New website Wezmer features local artists specializing in all mediums and was founded on the idea of developing a supportive community around the aspirations of each artist featured on the website.
Mass communication senior Christina Castro and Adrian Perez co-founded and launched Wezmer June 2019. What started out as a band titled “Wezmer” that hosted block parties to showcase other local bands and artists eventually became a database where artists display their work online.
The website—which features painters, writers, filmmakers and musicians—provides a platform for artists to showcase their work and for fans to discover new, local talent.
“It’s a safe space to just be creative and be yourself,” Perez said.
The ultimate goal of Wezmer is to become a nonprofit organization supporting a living community of people working toward their dreams, whether it is art, trade or entrepreneurial effort.
“Right now, we are in that first basis of thought and are working toward that end goal,” Castro said. “That’s what drives us with this website.”
Castro and Perez shared the idea that having a community that assists each other will lead to greater success overall, rather than acting alone.
“Why not build a community that helps empower each other?” Castro said.
Perez and Castro expressed their frustration in having to worry about basic living expenses while simultaneously chasing dreams and goals; developing a community centered on self-expression is their way of giving back to those who have experienced similar situations in trying to perform this balancing act.
“You love yourself, you love your life and you love what’s happening to you, so why wouldn’t you want to spread that even more and give the opportunity to people to do that for themselves?” Castro said.
After his experience in the band Wezmer, Perez said it is important for anyone striving toward their goals to maintain a strong support system.
“Without community, you can’t do anything,” Perez said.
The website continually develops, and Castro and Perez look to expand the site to feature artists from all across Texas. Currently, the founders’ main goal is to share the brand, showcase a variety of talent and begin nonprofit efforts.
“This is just the beginning of a really large project that involves pretty much a safe haven where artists can go and collaborate,” Perez said.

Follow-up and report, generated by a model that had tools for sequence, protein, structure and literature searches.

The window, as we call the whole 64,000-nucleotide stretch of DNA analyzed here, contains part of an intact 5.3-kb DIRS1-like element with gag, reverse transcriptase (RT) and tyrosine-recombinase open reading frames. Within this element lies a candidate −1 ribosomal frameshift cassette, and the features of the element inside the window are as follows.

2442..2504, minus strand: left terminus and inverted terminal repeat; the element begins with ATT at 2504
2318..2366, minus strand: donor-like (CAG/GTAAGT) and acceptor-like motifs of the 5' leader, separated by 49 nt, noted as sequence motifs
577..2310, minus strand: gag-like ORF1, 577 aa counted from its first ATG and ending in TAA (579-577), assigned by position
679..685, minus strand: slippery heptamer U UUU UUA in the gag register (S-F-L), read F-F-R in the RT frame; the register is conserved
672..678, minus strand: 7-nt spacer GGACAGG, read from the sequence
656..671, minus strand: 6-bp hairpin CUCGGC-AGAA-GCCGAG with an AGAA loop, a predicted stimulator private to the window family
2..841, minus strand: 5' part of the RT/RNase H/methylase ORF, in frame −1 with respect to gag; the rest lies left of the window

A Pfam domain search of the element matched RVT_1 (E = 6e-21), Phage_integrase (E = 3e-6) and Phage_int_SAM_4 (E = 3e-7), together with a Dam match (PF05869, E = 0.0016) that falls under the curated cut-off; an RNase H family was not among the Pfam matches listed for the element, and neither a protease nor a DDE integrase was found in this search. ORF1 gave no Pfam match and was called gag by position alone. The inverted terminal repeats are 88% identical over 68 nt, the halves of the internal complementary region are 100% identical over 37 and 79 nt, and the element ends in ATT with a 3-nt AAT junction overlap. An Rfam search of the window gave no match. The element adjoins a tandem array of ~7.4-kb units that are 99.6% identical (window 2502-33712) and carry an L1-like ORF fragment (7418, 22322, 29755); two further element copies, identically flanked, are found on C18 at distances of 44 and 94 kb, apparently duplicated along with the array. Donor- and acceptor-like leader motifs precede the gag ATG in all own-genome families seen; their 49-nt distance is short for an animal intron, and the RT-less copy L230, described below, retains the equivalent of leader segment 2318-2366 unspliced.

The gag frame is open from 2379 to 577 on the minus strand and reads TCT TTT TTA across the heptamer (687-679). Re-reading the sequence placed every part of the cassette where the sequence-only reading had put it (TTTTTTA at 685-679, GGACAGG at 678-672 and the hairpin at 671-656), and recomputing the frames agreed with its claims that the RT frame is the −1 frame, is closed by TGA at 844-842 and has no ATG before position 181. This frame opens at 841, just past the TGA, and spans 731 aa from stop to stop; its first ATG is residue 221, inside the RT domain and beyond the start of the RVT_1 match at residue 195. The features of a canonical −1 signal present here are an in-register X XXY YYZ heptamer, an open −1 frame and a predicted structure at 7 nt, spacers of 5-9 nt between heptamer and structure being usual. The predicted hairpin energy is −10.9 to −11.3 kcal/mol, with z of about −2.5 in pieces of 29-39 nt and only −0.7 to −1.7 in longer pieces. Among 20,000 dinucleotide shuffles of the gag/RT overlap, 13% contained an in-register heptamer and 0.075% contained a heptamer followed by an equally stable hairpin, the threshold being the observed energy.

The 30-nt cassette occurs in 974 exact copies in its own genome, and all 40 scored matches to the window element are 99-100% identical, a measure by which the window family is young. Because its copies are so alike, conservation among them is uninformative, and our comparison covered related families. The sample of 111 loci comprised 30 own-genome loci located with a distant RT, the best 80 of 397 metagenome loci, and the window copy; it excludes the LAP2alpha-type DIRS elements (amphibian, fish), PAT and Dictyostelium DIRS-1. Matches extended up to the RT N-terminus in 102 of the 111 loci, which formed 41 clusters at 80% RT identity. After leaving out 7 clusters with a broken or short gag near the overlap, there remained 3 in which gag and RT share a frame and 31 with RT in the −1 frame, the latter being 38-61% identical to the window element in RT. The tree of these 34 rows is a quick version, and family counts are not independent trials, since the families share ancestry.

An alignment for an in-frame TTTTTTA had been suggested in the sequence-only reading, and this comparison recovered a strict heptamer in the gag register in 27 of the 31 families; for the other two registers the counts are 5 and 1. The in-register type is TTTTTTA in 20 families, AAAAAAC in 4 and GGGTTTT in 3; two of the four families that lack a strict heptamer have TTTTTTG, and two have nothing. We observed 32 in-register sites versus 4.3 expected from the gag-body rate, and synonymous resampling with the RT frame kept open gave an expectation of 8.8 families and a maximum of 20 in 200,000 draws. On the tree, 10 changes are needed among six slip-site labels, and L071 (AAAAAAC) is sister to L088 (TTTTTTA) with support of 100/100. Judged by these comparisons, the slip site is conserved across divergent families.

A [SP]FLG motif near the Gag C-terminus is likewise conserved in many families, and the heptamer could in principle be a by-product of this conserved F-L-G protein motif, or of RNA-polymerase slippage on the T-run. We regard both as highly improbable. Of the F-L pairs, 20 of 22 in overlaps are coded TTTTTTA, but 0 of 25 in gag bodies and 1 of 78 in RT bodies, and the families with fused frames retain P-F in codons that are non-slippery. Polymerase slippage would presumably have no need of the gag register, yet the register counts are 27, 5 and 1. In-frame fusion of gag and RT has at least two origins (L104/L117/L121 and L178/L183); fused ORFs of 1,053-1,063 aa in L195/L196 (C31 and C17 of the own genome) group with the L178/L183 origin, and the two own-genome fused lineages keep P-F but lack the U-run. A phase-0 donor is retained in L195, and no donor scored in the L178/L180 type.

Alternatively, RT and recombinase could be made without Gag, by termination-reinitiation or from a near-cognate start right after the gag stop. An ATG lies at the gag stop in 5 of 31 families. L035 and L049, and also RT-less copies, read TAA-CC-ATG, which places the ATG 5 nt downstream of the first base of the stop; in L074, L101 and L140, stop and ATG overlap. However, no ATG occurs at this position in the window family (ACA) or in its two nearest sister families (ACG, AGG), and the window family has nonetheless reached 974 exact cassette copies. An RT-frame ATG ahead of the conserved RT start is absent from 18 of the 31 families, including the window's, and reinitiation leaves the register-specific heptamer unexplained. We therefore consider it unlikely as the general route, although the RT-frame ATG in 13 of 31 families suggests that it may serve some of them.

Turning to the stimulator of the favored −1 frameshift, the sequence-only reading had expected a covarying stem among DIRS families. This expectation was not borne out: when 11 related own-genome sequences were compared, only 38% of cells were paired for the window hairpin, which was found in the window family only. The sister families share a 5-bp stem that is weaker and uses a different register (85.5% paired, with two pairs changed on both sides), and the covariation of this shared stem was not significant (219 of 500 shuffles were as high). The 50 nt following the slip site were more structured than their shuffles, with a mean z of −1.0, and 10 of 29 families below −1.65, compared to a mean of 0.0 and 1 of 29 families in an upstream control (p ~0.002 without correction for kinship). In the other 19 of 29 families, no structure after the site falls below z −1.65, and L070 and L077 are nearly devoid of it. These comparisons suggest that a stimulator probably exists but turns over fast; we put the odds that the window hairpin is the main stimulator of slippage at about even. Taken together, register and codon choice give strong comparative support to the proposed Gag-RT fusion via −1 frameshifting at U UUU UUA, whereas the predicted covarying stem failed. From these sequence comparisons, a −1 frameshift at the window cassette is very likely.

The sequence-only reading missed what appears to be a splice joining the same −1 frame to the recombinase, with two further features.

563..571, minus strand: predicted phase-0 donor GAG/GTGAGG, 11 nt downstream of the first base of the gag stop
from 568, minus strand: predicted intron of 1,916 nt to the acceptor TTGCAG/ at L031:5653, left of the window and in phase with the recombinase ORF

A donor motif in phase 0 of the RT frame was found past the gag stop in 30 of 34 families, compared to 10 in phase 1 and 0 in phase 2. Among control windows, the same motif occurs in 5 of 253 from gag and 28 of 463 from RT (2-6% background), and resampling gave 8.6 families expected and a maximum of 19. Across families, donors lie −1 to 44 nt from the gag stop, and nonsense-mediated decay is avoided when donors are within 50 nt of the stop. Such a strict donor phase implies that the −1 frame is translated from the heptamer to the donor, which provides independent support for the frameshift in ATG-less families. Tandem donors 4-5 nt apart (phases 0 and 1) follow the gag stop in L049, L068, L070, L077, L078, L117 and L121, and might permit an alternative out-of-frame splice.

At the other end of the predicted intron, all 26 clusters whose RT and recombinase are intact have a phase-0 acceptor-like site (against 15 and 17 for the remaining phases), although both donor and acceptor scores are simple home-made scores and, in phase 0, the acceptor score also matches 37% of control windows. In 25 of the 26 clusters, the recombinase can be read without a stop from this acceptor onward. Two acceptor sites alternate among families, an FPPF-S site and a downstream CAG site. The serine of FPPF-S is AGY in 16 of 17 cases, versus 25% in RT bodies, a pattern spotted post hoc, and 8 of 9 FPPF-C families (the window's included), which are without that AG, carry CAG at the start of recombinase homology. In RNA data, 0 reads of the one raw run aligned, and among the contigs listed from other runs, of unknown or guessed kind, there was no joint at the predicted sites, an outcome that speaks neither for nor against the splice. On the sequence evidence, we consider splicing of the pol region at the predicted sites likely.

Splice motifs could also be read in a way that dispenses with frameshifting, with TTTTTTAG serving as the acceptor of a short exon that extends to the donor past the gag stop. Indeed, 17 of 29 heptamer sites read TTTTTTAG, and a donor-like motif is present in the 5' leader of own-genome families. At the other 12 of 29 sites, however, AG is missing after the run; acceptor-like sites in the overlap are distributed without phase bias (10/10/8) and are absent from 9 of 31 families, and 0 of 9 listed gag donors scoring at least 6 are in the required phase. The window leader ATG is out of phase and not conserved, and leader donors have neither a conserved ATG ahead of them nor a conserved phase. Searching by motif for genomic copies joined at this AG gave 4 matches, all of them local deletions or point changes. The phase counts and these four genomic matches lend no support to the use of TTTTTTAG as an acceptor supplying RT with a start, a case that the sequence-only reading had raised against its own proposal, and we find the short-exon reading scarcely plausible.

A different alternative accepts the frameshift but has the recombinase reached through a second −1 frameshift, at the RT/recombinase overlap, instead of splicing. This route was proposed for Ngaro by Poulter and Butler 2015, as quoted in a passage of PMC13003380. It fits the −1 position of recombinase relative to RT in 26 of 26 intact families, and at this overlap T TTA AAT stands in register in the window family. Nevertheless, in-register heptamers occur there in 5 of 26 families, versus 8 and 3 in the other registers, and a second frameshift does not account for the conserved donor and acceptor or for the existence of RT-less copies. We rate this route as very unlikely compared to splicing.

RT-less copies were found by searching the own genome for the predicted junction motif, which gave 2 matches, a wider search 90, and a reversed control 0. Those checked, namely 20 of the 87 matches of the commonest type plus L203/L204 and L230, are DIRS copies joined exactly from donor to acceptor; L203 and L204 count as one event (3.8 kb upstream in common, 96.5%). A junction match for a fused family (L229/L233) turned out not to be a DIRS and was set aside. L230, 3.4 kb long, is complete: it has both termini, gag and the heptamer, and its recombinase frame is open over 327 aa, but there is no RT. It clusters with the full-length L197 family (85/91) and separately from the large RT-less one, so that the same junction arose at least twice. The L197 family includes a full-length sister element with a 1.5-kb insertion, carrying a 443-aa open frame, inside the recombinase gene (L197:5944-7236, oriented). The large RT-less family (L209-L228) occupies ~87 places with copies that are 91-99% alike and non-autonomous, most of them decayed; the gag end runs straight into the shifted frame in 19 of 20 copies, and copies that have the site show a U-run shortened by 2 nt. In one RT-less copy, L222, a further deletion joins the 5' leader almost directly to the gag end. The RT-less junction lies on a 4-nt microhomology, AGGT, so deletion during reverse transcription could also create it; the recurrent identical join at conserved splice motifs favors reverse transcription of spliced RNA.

Michael Imo, electronic media senior, performs as a pop musician under the name “Maikeru,” and is featured on the site. Imo joined the coalition after being asked by Perez shortly after the website’s launch.
“For them to have even asked me to be on (the site) was a huge honor for me,” Imo said.
Through the website, Imo is able to share his personal artist page and display his work. Imo said it is important for artists starting out to get press any way they can, especially in a region with a deeply rooted music and arts culture.
“I think it’s very important for (artists) to come together and support each other,” Imo said. “Whichever way we can do that for each other, I think it’s great for everybody.”
Wezmer founders plan to work with several nonprofits to host events showcasing featured talent on the website and raise funds to support each organization in the partnership.
Among those organizations includes SARA Sanctuary (Society for Animal Rescue and Adoption) in Seguin, Texas. Wezmer founders will release details regarding an event at SARA Sanctuary when summer temperatures begin to decrease.
Tracy Frank, founder and executive director of SARA Sanctuary, said she hopes the event will raise awareness for the organization and its endeavors.
“(The event) could potentially be a big deal,” Frank said. “Hopefully it will attract people who believe in our mission.”
Another expansion achievement for the site includes a YouTube page displaying “educational, inspirational and informative” videos of various people who wish to share knowledge and insight into their respective skills.
Artists interested in being featured on Wezmer can contact Castro or Perez through the website or on Wezmer’s Instagram @_wezmer.
Edit: this story was only partially printed in the Aug. 27 edition of The University Star by mistake. This is the full version.